Monday, 24 April 2017 14:33

Dealing with Distractions

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I recently read Andy Stanley’s book, Visioneering (God’s blueprint for developing and maintaining personal vision). I recommend the book, as you consider vision casting. The book is worth the read, just to get to chapter seventeen. In this chapter Andy discusses distractions.

Ministers are forced to deal with distractions every day. Our management of distractions is vitally important to our ministry. Distractions can force inappropriate responses toward others; they can pull us away from priorities; and they hinder our focus.

Nehemiah’s detractors sent him a word of distraction. They said, “Come, let us meet together among the villages in the plain of Ono. But they thought to do me harm.” (6:2) Nehemiah saw through their scheme. These people sent the same invitation five times. (vs. 4, 5) Nehemiah’s response was “I am doing a great work, so that I cannot come down.” (6:3)

Stanley mentioned three distractions we face.

  1. There are opportunities. Nehemiah was given the opportunity to make peace with his detractors. He did not see this as an opportunity but as a distraction.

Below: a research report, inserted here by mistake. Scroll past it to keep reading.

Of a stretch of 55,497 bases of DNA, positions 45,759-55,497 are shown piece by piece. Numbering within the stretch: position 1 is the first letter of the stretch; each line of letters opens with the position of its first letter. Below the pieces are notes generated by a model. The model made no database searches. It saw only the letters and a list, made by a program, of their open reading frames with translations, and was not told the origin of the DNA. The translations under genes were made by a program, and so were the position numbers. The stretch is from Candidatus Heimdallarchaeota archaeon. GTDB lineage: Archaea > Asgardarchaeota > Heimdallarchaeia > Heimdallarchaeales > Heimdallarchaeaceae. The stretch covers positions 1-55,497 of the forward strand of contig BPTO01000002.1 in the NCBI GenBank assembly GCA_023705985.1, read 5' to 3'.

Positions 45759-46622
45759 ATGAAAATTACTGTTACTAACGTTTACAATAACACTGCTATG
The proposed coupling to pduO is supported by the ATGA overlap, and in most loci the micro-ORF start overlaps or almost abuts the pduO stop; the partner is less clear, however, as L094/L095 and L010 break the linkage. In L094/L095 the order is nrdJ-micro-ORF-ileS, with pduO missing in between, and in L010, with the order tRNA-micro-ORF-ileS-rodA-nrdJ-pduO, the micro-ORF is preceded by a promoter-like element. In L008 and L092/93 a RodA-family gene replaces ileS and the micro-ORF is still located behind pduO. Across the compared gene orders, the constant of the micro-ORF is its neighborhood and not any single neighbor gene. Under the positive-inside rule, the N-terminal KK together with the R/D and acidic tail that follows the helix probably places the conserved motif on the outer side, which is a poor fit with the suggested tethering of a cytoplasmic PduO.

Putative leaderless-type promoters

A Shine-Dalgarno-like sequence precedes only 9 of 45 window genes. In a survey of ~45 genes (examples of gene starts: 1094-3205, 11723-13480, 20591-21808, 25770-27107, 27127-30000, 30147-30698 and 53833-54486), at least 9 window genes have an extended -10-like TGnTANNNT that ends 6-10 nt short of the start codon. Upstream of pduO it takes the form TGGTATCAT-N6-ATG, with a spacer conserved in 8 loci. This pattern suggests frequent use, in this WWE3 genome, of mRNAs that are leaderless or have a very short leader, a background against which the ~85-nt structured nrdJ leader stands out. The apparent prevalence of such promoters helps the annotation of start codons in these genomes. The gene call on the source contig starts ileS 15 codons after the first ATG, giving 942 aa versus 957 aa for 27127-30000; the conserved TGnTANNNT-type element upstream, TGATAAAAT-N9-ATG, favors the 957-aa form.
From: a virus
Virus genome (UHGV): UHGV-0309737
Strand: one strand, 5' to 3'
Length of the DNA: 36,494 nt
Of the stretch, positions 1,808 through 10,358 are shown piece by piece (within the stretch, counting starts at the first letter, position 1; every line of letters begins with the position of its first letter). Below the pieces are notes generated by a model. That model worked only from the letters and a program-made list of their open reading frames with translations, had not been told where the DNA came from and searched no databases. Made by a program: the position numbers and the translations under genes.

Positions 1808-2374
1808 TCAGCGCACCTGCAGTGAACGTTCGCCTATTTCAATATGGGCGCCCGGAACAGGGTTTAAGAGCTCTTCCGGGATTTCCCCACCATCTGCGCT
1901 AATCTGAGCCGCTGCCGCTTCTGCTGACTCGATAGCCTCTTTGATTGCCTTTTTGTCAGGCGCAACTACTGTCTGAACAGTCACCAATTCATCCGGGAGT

2. There are criticisms. The whole point of Nehemiah’s situation was enemies who criticized his work. They did not like what he was doing so they criticized him intensely. His enemies said the mere weight of a fox would break down the wall. (4:3)
  3. There were fears. Nehemiah’s enemies hired a hit man to instill fear in his heart. “For this reason he was hired, that I should be afraid and act that way and sin, so that they might have cause for an evil report, that they might reproach me.” (6:13)

Fear comes from many directions: Satan, enemies, and critics. There is even the paranoia of our own hearts. I once heard someone say paranoia is F=false; E= evidence; A= appears; R=real. Paranoia can take many forms: fear of failure, enemies, the unknown, or fear of criticism. No matter the form, it is real.

As we study Nehemiah’s situation several solutions come to the forefront.

  1. In verse 3 (listed above) we see the first of Nehemiah’s answers to distractions. He saw the work as a significant work. He said, “I am doing a great work.” Some work is larger than the distractions that compete against them. That is focus! Nehemiah could not take his eyes off of the target.
  2. Nehemiah was a man of prayer. As he and the Israelite people worked, they also prayed. “Nevertheless we made our prayer to our God, and because of them we set a watch against them day and night.” (4:9) Prayer was a shield for God’s people as they worked. WOW! What inspiration!
  3. Nehemiah’s response to his enemies was a spirit of steadfastness. He would not stop because of detractors. In I Cor. 15 Paul shares a word of encouragement concerning steadfastness. “My beloved brethren, be steadfast, immovable, always abounding in the work of the Lord, knowing that your labor is not in vain in the Lord.” (vs. 58)

My fellow minister, the word still stands, be steadfast. God has a work for you to do!

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